Chapter 15
Reviewing the executor rule

The administrator framework as a decision-making tool

15.19It is difficult to make the executor rule work effectively without extending it to administrators, so if the executor rule remains part of New Zealand common law, it is likely that the potential administrator of the deceased’s estate will continue to be “co-opted” to help make the executor rule work.687  Three members of the Supreme Court favoured this approach for reasons similar to those reasons supporting the executor rule; because it is said to be a certain and administratively efficient means of determining a burial dispute.688

15.20However, the administrator framework itself raises issues, although of a slightly different nature to those associated with the executor rule.

15.21While it is true that the people listed in the statutory hierarchy from which the administrator is identified are “likely to be those with closest family connections to the deceased”,689  this does not necessarily make them the most appropriate person to decide in all cases. The order of priority for administering the estate is usually spelt out in terms of closeness to the deceased based on blood relationships, but this will not necessarily reflect the closeness of the deceased’s relationships in life or at the time of their death. Also, the list of relationships is mainly limited to those based on kin, and so excludes any person who might have some principled claim to make the decision but was unrelated to the deceased.690
15.22William Young J in Takamore v Clarke thought that resolving burial disputes “through the proxy of deciding who the administrator should be” was not fit for purpose, noting that:691

An administrator will not usually have been entrusted by the deceased with the making of burial arrangements. The occasion for an administrator to make a decision as to burial will usually only arise where letters of administration have been sought as a way of resolving a pre-existing dispute.

15.23Conway and Stannard suggest that such an approach is used by judges in common law jurisdictions as a means of avoiding engaging fully with the underlying issues, because they are able to identify a person who should make the decision without opening the “Pandora’s box” of emotions and family tensions that burial disputes raise.692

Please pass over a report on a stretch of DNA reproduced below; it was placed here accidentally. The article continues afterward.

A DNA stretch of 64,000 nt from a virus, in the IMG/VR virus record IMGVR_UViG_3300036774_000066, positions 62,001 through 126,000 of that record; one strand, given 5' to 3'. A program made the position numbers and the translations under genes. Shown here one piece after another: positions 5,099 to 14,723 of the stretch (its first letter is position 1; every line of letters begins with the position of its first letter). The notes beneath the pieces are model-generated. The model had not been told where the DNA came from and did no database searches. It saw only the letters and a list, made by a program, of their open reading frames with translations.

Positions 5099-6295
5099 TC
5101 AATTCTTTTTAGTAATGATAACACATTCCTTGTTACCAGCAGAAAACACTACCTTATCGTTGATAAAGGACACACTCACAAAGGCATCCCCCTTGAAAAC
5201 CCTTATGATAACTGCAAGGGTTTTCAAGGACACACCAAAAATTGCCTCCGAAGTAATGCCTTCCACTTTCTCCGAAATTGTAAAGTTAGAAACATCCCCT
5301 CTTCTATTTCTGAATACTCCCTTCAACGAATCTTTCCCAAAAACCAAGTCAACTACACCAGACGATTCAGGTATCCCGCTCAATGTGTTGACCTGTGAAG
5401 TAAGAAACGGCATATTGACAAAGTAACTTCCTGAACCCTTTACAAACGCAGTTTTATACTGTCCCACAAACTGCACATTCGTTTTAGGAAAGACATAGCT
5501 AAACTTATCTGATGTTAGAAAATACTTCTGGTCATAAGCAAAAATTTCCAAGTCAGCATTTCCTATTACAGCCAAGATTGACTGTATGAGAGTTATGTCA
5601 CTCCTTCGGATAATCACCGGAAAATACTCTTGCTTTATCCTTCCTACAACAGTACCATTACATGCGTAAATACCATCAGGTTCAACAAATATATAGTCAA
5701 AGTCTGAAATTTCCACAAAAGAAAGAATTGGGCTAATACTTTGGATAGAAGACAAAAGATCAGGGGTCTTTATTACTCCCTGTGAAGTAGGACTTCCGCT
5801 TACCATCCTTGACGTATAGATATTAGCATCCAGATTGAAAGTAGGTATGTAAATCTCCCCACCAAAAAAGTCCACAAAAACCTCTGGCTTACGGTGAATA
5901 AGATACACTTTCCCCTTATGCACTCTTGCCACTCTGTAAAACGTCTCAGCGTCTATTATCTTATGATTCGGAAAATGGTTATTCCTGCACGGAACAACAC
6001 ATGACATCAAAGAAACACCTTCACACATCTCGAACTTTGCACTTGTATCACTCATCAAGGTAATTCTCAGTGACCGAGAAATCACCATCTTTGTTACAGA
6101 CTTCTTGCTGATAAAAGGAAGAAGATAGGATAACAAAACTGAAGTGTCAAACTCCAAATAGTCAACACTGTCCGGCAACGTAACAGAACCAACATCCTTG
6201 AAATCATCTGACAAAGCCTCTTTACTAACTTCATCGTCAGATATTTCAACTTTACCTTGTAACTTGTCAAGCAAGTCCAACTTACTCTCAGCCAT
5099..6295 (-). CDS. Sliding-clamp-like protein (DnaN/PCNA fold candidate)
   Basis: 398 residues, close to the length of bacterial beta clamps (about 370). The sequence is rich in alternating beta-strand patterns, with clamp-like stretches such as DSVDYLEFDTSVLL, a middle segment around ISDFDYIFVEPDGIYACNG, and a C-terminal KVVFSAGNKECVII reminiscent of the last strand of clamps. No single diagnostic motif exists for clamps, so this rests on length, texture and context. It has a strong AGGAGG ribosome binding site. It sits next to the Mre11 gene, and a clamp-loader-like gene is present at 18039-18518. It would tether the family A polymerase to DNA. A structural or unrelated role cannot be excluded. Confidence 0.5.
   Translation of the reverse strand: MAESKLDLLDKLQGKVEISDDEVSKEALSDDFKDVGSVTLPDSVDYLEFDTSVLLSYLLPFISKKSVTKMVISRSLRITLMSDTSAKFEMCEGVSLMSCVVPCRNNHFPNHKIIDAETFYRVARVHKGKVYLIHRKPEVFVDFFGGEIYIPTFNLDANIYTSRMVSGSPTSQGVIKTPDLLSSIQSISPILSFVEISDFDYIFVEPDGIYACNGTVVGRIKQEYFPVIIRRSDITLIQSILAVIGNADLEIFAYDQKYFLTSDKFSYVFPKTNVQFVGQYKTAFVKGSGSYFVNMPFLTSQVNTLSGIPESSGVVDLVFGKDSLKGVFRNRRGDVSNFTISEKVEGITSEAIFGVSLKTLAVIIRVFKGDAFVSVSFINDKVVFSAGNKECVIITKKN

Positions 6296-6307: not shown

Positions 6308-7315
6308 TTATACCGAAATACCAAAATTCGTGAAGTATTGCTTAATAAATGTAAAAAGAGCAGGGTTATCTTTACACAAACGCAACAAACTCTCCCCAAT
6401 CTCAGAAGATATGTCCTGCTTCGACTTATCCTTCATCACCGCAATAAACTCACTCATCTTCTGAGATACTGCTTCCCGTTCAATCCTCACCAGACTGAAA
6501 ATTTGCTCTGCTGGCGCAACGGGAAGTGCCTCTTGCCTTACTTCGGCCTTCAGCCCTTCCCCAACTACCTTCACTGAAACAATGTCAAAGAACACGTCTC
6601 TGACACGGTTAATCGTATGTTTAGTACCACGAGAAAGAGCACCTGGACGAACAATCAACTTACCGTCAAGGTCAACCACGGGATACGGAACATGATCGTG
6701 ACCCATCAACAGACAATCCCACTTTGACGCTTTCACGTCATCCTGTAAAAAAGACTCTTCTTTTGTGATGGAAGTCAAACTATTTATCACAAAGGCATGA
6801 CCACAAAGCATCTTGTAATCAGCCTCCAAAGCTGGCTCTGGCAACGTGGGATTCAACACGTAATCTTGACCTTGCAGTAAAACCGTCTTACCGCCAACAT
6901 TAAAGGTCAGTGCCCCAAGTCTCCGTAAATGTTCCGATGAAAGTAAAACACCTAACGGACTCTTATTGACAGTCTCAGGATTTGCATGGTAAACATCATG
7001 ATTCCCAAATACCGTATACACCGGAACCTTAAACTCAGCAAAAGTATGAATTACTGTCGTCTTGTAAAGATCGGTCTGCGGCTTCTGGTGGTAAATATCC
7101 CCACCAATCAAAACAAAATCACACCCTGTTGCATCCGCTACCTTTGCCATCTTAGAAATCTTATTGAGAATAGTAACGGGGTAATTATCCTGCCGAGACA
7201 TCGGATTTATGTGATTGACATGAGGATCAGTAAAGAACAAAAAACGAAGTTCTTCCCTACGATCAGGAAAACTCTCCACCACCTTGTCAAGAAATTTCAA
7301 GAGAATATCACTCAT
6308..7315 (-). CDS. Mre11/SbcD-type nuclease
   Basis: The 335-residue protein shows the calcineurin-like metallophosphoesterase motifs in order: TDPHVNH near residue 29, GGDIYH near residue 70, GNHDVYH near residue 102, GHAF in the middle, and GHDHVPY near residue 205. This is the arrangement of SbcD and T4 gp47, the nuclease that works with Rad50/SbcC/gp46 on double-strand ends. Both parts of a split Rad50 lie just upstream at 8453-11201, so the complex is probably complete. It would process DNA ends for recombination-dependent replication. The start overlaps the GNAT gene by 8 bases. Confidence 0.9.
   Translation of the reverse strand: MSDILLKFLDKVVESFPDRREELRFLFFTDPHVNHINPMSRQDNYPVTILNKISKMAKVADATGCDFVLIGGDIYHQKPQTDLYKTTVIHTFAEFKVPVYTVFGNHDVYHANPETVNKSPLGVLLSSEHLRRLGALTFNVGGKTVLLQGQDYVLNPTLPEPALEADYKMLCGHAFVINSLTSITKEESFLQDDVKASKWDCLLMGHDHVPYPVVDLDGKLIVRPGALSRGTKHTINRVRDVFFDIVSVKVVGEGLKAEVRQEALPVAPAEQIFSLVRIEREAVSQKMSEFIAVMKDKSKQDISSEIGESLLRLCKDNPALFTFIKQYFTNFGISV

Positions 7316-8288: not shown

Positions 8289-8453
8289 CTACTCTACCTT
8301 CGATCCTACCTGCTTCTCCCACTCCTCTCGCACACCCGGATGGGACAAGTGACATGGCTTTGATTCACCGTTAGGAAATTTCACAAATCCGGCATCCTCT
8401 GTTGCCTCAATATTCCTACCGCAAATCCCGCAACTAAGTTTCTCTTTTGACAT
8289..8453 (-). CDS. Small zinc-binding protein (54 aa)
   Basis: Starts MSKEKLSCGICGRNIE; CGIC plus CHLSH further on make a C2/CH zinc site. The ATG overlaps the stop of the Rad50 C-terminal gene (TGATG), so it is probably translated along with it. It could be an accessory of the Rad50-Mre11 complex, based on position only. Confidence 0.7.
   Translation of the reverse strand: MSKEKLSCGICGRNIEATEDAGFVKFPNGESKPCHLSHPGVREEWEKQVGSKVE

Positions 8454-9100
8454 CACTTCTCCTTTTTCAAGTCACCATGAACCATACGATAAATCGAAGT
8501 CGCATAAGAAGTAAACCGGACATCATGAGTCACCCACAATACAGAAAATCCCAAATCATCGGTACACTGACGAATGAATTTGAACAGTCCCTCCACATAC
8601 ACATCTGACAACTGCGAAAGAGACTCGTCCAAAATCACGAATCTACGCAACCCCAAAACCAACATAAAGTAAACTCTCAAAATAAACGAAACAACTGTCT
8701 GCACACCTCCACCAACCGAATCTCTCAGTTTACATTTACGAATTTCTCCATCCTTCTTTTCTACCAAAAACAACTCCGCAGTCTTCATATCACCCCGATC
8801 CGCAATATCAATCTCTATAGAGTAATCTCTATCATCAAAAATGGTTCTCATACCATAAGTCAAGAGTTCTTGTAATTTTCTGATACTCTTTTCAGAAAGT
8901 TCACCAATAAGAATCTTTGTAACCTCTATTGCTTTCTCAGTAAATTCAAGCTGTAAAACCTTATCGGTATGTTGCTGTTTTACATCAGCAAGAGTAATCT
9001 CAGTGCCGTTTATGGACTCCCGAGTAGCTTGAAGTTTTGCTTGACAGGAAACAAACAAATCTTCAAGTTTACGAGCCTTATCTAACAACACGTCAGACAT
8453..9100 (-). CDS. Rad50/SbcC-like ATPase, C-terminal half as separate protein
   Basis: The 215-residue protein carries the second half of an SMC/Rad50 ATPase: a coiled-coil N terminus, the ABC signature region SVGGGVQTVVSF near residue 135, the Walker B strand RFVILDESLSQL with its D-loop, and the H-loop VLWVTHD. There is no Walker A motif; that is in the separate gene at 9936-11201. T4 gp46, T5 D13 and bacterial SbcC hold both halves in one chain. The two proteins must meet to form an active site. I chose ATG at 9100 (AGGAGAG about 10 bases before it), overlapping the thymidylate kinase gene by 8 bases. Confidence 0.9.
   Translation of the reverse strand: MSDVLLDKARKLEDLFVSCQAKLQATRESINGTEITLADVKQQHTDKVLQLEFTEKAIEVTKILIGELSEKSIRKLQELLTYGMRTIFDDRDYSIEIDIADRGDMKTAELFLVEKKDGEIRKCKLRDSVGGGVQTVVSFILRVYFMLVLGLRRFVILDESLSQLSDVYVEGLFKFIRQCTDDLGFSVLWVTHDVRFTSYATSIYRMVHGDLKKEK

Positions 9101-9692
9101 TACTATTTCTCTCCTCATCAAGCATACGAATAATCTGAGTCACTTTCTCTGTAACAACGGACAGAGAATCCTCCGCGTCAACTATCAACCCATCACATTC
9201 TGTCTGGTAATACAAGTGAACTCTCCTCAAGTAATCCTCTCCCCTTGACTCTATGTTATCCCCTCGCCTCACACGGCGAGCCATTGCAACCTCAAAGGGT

15.24 Vines writes about the use of the administrator framework in Australia, citing several cases in which it has led to courts excluding consideration of strong cultural or spiritual imperatives associated with the burial decision.693  This framework has operated to the detriment of indigenous Australians, who are more likely to die without a will but for whom cultural and spiritual imperatives related to burial are particularly important.694  Thus in cases such as Meier v Bell,695  Burrows v Cramley696  and Calma v Sesar,697  even where claims were made based on culture and religion, the deciding factor was the entitlement of the administrator under succession law hierarchies. In Meier v Bell, the Court said that cultural concerns may be disregarded in the application of this framework:698

… the manner of resolution of a problem such as the present must be consistent. … There cannot be departure from principle in order to accommodate particular factual disputation, whether it be founded on matters religious, cultural or of some other description.

15.25That is not a stance that has been adopted by New Zealand courts,699  and a different approach has also been taken in other Australian cases including Jones v Dodd.700  Nonetheless, it may be argued that the administrator framework places a high emphasis on dealing with disputes dispassionately and in a “legal” sense, and this may inadvertently obscure or prevent judges from engaging with the underlying values and cultural issues that such disputes raise, and which are of real and valid concern for the parties involved.
687As explained at [14.67].
688Takamore v Clarke (SC), above n 671, at [145].
689At [146].
690Frances H Foster “Individualized Justice in Disputes over Dead Bodies” (2008) 61 Vand L Rev 1351 at 1393–1398.
691Takamore v Clarke (SC), above n 671, at [205] and [206].
692Heather Conway and John Stannard “The Honours of Hades: Death, Emotion and the Law of Burial Disputes” (2011) 34(3) UNSW Law Journal 860 at 882.
693Prue Vines “Consequence of Intestacy for Indigenous People in Australia: The Passing of Property and Burial Rights” (2004) 8 AILR 1 at 5–8.
694Vines observes that intestacy is more likely among socio-economically disadvantaged sectors of the population, either because they feel they have no assets to leave or because of limited access to the knowledge or assistance needed to make a will: above n 693, at 8.
695Meier v Bell Vic Sup Ct 4518/1997, 3 March 1997. See also the comments of the Law Reform Commission of Western Australia that, in burial disputes involving aboriginal persons, “the benefits of the current common law approach (in particular, the promotion of judicial expediency in resolving burial disputes) may be unnecessarily forfeited by legislative direction to consider cultural and spiritual values”: Law Reform Commission of Western Australia Aboriginal Customary Laws: The interaction of Western Australian law with Aboriginal law and culture (2006, Final Report) at 260.
696Burrows v Cramley [2002] WASC 47.
697Calma v Sesar [1992] 2 NTLR 37.
698Meier v Bell, above n 695, at 9.
699Takamore v Clarke, above n 671, at [72]–[79] per Elias CJ.
700Jones v Dodd [1999] SASC 125.